Braggin’ About Satirical Erotic Art

 Posted by on October 5, 2011
Oct 052011

By TM Bernard

You’ll never know what you might find in a moving sale, what bargain deal or, in this case, eye candy of the erotic kind winking at you in from behind dusty shelves. “Who made those?” I inquired, pointing at one of a three series of etchings that were uniquely naughty. It was clear that the artist, whoever he or she may have been, was a keen observer of human sexual innuendo. This was art to tickle the funny bone, and another one at that, and I wanted to know the creator’s name pronto.

What a delight to discover the wicked side of America’s satirical mastermind, Charles Bragg, an artist whose career spans decades and whose unique originals fetch hefty sums by collectors around the world. In front of me was a deal if I’d the money to spend; instead, I enjoyed this private collection and offered to babysit the pieces if the owner ever felt like sharing. Fortunately, he got the humor in that gesture, and allowed me to stare wistfully at some very fine work.

Erotica is enjoying a modern renaissance thanks in part to the Internet which has allowed artists and connoisseurs to find one another in a way unlike previous generations. That’s exposed a broader audience to the many nuances of suggestive art, and its also pushed the envelop in ways that can blur some lines, depending on perspective, of art and not-so-artistic. That problem exists for all genres, of course, but erotica, by its nature, is subject to more suspicion and criticism than non-sexual artistic works.

What struck me about seeing these images was that, though etched several years ago, they retained a genuine novelty, and not because they were shocking – on the contrary, an observer had to take a second look, and then a third to realize just what they were appreciating – but because they were smartly jovial. This was erotica that made me smile, not blush, and that sense of modest humor is something I have yet to see much in most sensual art (though to be very clear, I’m speaking as a novice).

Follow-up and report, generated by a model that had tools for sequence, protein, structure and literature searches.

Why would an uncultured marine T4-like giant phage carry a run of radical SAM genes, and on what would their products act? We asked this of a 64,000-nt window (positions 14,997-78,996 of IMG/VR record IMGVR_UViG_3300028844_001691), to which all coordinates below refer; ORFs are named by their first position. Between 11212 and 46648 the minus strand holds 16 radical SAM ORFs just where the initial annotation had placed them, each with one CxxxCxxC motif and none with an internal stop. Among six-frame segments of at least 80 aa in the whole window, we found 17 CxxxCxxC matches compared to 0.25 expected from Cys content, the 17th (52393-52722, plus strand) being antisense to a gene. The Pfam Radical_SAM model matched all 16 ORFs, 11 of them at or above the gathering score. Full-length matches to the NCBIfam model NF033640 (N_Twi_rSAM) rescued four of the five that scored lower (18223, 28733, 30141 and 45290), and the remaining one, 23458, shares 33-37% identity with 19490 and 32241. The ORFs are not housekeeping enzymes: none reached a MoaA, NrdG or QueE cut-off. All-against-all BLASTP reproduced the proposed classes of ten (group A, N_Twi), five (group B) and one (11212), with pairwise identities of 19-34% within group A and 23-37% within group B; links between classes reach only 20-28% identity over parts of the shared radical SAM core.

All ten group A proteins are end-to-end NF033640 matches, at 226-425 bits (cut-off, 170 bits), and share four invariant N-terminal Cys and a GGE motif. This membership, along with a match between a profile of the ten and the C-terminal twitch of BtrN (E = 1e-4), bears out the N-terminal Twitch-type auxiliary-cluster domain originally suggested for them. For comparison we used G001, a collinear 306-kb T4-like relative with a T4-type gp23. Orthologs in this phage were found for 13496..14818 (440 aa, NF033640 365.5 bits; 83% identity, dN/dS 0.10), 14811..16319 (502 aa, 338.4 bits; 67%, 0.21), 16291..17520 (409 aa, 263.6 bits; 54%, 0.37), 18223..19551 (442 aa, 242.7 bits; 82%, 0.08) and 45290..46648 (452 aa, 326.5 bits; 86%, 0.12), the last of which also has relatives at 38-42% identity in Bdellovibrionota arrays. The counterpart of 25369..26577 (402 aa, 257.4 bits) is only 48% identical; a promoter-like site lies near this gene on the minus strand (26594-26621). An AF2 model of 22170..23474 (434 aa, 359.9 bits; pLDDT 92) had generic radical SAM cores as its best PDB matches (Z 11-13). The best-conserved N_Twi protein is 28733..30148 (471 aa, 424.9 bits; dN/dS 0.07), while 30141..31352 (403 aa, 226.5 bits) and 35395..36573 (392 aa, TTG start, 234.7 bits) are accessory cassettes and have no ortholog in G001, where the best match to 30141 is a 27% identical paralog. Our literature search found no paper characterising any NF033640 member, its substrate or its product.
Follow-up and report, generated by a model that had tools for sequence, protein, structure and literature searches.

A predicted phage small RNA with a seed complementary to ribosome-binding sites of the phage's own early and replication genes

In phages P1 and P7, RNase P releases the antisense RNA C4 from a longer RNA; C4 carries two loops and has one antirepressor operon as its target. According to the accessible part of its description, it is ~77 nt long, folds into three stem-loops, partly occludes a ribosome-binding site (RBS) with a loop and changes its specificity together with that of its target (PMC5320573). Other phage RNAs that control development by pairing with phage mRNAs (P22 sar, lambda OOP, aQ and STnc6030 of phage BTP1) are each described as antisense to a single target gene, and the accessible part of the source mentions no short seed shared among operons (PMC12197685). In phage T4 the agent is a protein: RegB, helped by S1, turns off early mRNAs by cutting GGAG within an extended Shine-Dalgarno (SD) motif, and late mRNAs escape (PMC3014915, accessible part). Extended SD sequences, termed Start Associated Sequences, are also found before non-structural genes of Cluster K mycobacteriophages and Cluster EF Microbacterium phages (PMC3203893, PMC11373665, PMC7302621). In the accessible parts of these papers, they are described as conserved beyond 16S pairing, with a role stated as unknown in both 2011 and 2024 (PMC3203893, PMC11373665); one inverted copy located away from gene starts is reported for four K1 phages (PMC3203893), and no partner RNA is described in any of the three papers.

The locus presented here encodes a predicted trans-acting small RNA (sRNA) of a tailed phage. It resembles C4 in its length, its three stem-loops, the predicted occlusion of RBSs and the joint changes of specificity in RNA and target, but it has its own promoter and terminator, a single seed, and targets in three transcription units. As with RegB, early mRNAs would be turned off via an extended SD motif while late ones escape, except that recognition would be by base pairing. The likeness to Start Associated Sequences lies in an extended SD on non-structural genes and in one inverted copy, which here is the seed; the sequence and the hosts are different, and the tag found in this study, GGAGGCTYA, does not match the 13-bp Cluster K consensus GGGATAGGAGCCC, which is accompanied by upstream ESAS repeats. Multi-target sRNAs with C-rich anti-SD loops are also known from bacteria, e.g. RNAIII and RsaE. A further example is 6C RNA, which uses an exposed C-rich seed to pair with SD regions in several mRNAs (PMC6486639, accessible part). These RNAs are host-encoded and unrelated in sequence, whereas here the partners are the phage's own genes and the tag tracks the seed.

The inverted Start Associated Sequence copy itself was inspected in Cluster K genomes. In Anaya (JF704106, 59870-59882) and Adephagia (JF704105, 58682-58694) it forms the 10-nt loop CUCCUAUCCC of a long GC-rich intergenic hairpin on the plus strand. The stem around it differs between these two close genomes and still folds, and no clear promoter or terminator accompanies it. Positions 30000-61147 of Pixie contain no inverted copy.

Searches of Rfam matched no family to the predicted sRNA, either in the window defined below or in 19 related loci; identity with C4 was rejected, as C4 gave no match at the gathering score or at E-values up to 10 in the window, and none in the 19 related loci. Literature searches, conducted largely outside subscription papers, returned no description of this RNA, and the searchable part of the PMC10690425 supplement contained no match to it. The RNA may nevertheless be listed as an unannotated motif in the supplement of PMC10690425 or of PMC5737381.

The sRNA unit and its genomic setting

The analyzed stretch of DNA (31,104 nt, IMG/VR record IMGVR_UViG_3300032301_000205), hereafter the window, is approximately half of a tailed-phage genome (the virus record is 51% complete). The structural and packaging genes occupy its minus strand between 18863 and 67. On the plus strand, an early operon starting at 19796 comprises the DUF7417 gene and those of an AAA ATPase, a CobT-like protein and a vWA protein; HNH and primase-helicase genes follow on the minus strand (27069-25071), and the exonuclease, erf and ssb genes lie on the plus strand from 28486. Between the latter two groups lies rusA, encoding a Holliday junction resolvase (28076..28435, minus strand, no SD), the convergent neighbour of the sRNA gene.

Seeing Bragg’s work, it seems surprising to me that satirically sexy work is in such short supply. In part because it is more palatable for a wider audience, and also because American culture with regards to sex could do with a lifeline to humor.

His subjects appear as emotionally rich and real despite proportions that are more suited to the queen in Alice in Wonderland rather than real life. Oversized features, disproportionately large heads, curvaceous forms and come hither expressions characterize the men and woman, who seem not to care one bit that their pleasure opens up a window to what goes on in our own lives. Erect nipples peeking through or being tweaked, mutual arousal clearly implied, larger than life settings and desires; it’s all on display though you won’t mind one bit because it’s all so amusingly sincere despite being over the top.

I wish I could have purchased the set that day. Braggs sketches are at home in a fine gallery or a father’s apartment, which is basically where I found them, hanging on a stranger’s wall ready to be sold to the highest bidder before the owner moved away. Maybe he’ll take us up on that offer if no one buys them because come to think of it, I wasn’t really kidding. Erotic art this playful isn’t worth joking about.